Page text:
Thursday, June 11, 2015

How Treebeard Destroyed the Ring

This past semester, I listened to The Lord of the Rings in the car during my commutes to and from campus. Every time I read this book, something different about it stands out to me. This time, it was the question of which characters are the most important.

Note: The following explanation presumes that the reader has read the Lord of the Rings books, largely because it would take too long for me to summarize them. If you haven’t read them, GO! READ THEM NOW! The Internet will be here when you get back. (Not that I have strong feelings about this or anything.) If you’ve only seen the movies, you’ll probably understand this post, but I’d urge you to read the books anyway. They’re so much better.

Warning: This is a very geeky post, but it does have a point. Read at your own risk.

Who is The Lord of the Rings really about? Nine characters set out on the quest to destroy the ring, but only two actually make it to Mordor. Frodo is the one carrying the ring and thus the apparent hero of the story. But Frodo would never have made it without Sam, who keeps him focused, encourages him and dramatically rescues him when he gets captured by orcs. Sam is also one of only two characters in the history of Middle Earth who willingly give up the ring (the other being Bilbo). Go Sam! But if Frodo hadn’t gone on the quest, Sam wouldn’t have been there either, and even if he was, Gollum would have killed him during the first encounter. So both Frodo and Sam need to be present. But they don’t actually succeed in their mission. Gollum does, of all people. So maybe he’s the hero.

But the whole Frodo-Sam plotline only takes up half of the last two books, if that. Frodo and Sam would never have made it to Mount Doom if Aragorn hadn’t marched out to attack Mordor, drawing away all the orcs that were patrolling it. No one else could have pulled that off. It only worked because Sauron was worried about Aragorn, who was king of Gondor and who Sauron thought had the ring. And Sauron only thought that because Aragorn had used the palantir, which he wouldn’t have done if Pippin hadn’t (accidentally) revealed what it was by looking into it. And the whole let’s-send-our-entire-army-out-as-a-diversion plan was thought of by Gandalf. So Aragorn, Gandalf, and Pippin are the heroes.

But Aragorn couldn’t march against Mordor without an army. And if the battle of Pelennor Fields had been lost, or even gone on much longer, there wouldn’t have been enough surviving troops for him to go to war. As it was, he barely found enough soldiers. And the first part of the battle went very, very badly. So what turned it around? Eowyn’s killing of the Witch King, who was the general of Sauron’s army and also its most powerful member. He kept Mordor’s troops organized, along with doing massive damage to Gondor’s army by himself. If he had not been killed (which, remember, could only be done by a woman), Aragorn would have had no army and Frodo wouldn’t have made it to Mt. Doom. So Eowyn is the hero. But the witch king would have killed Eowyn instead if Merry hadn’t stabbed him at just the right moment. So Merry is the hero.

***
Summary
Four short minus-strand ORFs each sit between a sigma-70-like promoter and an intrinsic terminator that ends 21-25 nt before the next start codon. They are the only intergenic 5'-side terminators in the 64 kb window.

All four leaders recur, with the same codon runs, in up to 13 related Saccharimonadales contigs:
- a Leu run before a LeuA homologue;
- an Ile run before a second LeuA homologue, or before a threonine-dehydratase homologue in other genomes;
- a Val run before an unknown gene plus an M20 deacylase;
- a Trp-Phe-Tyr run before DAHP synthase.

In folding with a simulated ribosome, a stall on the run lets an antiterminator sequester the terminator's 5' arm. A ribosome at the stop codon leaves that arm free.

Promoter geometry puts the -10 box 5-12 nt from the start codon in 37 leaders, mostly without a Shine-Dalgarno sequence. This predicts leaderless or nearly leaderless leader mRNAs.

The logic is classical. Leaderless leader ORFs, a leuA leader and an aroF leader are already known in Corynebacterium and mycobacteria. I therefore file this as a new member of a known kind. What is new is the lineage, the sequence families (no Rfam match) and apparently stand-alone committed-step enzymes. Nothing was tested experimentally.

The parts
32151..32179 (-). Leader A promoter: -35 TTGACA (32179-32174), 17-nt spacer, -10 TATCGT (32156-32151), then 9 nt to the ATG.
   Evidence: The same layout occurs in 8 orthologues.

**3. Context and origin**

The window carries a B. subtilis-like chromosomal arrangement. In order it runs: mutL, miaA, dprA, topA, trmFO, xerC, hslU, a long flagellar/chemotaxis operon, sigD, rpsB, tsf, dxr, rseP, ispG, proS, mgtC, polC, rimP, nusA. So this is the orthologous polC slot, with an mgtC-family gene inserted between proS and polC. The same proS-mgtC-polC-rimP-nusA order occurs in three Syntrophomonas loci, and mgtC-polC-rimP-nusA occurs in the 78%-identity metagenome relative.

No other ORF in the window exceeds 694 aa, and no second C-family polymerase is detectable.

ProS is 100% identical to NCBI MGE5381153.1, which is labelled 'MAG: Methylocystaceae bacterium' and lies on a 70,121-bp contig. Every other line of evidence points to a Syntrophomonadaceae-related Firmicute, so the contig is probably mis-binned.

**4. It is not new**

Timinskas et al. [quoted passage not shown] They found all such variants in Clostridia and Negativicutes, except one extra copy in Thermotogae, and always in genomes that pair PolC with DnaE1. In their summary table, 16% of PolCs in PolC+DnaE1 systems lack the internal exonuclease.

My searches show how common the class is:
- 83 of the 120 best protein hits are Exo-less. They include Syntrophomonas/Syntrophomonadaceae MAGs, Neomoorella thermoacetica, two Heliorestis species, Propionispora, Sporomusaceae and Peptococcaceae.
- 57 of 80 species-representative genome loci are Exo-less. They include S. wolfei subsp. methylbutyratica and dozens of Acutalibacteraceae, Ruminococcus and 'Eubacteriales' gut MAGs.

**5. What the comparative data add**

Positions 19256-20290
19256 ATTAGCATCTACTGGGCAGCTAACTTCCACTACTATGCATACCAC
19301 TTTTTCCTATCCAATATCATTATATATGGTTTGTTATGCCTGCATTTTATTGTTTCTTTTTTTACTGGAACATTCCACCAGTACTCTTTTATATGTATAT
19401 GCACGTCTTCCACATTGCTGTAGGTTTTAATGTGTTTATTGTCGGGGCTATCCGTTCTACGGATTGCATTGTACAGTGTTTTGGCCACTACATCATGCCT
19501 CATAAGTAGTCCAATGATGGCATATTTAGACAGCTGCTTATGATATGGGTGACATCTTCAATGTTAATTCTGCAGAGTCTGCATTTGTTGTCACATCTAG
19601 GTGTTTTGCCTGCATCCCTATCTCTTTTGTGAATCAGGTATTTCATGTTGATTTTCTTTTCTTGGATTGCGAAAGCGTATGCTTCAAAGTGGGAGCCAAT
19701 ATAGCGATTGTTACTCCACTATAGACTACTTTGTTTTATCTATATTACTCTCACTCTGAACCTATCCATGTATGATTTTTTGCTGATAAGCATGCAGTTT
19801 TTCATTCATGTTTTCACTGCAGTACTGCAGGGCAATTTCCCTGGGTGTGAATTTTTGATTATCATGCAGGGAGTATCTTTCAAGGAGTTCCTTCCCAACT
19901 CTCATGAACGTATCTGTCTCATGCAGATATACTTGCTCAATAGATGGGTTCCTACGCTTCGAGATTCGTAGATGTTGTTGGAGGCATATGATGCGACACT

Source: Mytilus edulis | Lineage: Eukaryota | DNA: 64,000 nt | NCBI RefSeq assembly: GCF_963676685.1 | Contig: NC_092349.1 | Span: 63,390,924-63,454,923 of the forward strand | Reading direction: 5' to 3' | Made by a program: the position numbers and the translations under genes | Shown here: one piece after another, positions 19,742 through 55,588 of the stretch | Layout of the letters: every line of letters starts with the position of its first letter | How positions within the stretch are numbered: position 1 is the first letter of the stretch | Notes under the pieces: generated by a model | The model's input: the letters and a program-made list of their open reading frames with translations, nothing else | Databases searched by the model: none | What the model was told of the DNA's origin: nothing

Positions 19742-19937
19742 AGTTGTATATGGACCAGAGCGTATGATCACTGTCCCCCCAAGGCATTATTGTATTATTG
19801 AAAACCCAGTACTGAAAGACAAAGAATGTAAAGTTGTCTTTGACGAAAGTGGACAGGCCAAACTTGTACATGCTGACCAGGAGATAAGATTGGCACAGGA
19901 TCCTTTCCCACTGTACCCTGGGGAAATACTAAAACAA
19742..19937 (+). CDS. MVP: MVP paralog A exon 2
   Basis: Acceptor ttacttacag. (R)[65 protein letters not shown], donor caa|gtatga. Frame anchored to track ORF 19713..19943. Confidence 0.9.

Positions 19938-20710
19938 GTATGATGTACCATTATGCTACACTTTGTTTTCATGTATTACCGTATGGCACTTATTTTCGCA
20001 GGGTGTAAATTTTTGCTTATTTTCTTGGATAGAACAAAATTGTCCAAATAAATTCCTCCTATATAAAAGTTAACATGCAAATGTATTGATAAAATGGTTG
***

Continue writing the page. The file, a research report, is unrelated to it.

One additional point appears at the very end, when the triumphant heroes visit Isengard. There they learn that Treebeard and the ents had been patrolling the area around Isengard and had destroyed several bands of orcs that had gone after the armies of Rohan. If the ents hadn’t been there, the orcs would have attacked the company that included Eowyn and Merry. The riders of Rohan would probably have defeated the orcs, but the fighting would have slowed them down. If it wasn’t for Treebeard, Eowyn, Merry and company would have arrived too late to win the battle, or if they did make it in time, Gondor’s troops would have been decimated. Aragorn would not have had an army to march against Mordor, the orcs would have stayed in place, and Frodo would never have reached Mt. Doom. Thus, Treebeard is the reason the ring was destroyed, which makes him the real hero.

Why am I writing this? Some would say it’s because I’m a geek who thinks too much. And I would not dispute that. But there’s also an encouraging point in here for people like me who are idealistic and want our lives to change the world.

Great things are done, not by isolated individuals, but by groups working for a common purpose. And the varied strands of individual lives are woven together in ways we could never predict. The heroes are not just the ones who do spectacular things and gain the applause and admiration of the crowds. Heroes are those who do their part, even when they aren’t on the front lines. Our job is simply to fulfill our callings. The Author of history will see to the rest.


  1. I love LOTR -- and I enjoyed reading your insightful post. Your conclusion brings to mind this scene:

    “I wish it need not have happened in my time," said Frodo.

    "So do I," said Gandalf, "and so do all who live to see such times. But that is not for them to decide. All we have to decide is what to do with the time that is given us.”

    Living out our calling truly is heroic -- in any time.

  2. and, you can be a murderer, and possessed by greed and darkness and be split by your regret, and continually fight and lose to your dark influences, and think only of your obsession at your last moment of life, and yet save the day for the ultimate good. bb

  3. i am so glad to be validated in my love for treebeard. i always knew he deserved more credit than most people give him.
    sidenote: i love the word "entmoot." i often repeat it to myself in my head. now, how's that for geek?